14. How they make it

    Slicing

    The design files are sent to EOS GmbH, a Munich-based factory with six different types of laser-sintering machines. Before they begin, a slicing software divides the Trabecula into some 6,000 cross...

    01.01.09

  15. Sintering
    How they make it

    Sintering

    “Sintering” is not an everyday word for most people—it means using laser energy to melt and fuse particles. It’s traditionally applied to metal, but nowadays it works very well on certain varieties...

    01.01.09

  16. Unpacking
    How they make it

    Unpacking

    When the bucket has cooled, it’s time to assemble the pieces. Ahmadou Kaloga, an EOS applications support technician, usually does the unpacking. “It’s like an archeological dig,” says Kyttänen. “A...

    01.01.09

  17. 01 Woodblocks
    How they make it

    01 Woodblocks

    Woods’s prints begin as marker drawings on acetate. “We have a set of patterns that have been reduced from wood grain,” he says, “and we use them as a library, and change them around. So it really...

    01.01.09

  18. 02 Plywood
    How they make it

    02 Plywood

    Wrong based his designs on DIY plywood-furniture patterns from postwar Britain. “It’s a very simple message of construction using plywood and turned timber legs,” he explains.“ They’re like...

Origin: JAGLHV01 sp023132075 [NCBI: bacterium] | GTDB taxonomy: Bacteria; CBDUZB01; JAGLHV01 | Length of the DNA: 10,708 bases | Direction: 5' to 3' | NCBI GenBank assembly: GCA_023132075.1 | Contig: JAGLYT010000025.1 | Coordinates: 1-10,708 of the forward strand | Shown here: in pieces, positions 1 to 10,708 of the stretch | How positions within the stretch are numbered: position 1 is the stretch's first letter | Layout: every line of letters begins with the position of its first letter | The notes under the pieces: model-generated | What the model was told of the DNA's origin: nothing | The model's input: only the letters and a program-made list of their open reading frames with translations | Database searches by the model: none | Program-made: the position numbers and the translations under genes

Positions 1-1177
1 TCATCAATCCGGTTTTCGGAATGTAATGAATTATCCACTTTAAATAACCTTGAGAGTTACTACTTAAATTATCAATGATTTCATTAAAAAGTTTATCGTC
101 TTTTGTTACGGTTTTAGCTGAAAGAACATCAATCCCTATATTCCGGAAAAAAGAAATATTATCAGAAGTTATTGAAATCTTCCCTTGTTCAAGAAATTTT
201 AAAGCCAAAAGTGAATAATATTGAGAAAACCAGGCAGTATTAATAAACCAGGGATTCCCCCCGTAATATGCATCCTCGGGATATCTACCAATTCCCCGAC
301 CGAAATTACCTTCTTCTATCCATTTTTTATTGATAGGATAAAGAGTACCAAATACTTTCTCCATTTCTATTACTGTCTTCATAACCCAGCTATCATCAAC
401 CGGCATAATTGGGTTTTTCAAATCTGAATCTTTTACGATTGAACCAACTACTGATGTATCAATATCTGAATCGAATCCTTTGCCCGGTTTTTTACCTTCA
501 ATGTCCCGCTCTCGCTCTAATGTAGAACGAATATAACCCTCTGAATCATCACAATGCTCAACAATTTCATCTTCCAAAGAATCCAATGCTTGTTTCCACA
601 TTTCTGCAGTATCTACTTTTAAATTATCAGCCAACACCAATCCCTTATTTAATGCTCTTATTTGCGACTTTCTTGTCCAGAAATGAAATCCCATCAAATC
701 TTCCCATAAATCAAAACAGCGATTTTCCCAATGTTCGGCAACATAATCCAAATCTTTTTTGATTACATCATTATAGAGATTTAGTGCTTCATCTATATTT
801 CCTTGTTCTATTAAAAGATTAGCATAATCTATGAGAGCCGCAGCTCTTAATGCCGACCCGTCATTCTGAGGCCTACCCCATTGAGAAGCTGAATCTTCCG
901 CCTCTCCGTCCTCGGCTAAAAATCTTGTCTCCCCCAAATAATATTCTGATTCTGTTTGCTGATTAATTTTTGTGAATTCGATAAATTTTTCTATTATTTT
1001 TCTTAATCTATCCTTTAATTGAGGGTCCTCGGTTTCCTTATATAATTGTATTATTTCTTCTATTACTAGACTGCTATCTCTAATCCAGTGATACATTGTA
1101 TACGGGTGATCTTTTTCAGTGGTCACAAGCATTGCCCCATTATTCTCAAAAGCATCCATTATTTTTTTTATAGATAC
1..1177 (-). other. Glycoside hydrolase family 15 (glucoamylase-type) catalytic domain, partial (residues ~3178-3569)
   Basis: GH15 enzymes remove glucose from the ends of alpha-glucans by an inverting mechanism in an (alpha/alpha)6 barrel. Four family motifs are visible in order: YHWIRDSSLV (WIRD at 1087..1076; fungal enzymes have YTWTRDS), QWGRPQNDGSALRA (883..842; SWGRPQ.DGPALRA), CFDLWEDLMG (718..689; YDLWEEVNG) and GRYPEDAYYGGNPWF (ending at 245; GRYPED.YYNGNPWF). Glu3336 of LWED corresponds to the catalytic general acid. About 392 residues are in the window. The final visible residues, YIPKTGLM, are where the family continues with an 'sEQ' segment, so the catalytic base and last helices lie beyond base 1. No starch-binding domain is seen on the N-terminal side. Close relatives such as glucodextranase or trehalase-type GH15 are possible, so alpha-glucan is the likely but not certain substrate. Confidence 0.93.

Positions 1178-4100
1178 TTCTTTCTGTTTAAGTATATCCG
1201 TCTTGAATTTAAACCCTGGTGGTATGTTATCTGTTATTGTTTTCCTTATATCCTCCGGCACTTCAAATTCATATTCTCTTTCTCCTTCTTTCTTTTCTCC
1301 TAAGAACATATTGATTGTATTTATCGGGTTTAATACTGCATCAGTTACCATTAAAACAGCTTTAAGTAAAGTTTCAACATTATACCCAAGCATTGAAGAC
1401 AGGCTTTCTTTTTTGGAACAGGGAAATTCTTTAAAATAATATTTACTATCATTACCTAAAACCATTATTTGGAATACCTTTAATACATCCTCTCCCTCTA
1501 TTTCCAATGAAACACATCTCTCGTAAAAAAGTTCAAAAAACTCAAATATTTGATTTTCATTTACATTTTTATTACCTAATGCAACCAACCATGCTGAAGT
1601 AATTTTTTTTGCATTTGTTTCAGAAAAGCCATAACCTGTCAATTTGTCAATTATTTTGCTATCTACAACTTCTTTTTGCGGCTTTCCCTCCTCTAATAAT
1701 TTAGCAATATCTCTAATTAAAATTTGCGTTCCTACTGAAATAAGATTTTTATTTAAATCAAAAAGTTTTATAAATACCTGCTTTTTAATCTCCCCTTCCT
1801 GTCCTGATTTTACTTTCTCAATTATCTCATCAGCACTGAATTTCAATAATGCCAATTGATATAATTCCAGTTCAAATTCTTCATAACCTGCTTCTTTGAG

01.01.09

  19. 03 Prints
    How they make it

    03 Prints

    Before the furniture is assembled, each piece is painted jet-black and printed with the CNC-cut MDF woodblocks, which Wrong calls “crude but very effective.” Enamel paint in various shades is...

    01.01.09

  20. How they make it

    04 Groove

    Once the pieces are assembled, their stepped miter joints are glued together and clamped to dry. Wrong routs a three-millimeter perpendicular groove along every 90-degree corner of each piece. The...

    01.01.09

  21. Birdhouses
    Product Reviews

    Birdhouses

    Dear Dwell: We'd like to get a modern-looking birdhouse. Which ones will look best in our backyard? —Erik Edwards, St. Louis, Missouri

    written by: Christopher Bright
    photos by: Peter Belanger
    01.01.09

  22. Rough Frame Construction
    How they make it

    Rough Frame Construction

    In the third stage of rough frame construction, after painting and prepping, structural insulated panels (SIPs) are dropped in from above and attached to grooves set within the basic frames in...

    01.01.09

  23. House Plants
    Product Reviews

    House Plants

    Q: I enjoy plants' form, color, and positive impact, but what frustrates me is the lack of interesting houseplants available today. Are houseplants old-fashioned and out of place in the modern home...

    01.01.09

  24. Architecture and Design Books
    Product Reviews

    Architecture and Design Books

    Dear Dwell, I am new to modernism and eager to learn all I can about architecture and design. What books would you recommend to a novice? —Mathilda Feigenbaum, Mission Hills, Kansas

    photos by: Peter Belanger
    01.01.09

  25. A Note on Our Expert

    A Note on Our Expert: Josh Epple

    Originally opened in 1889, Drewes Bros. is a San Francisco neighborhood butcher shop specializing in all-natural free-range products, run by brothers Josh and Isaac Epple.

    01.01.09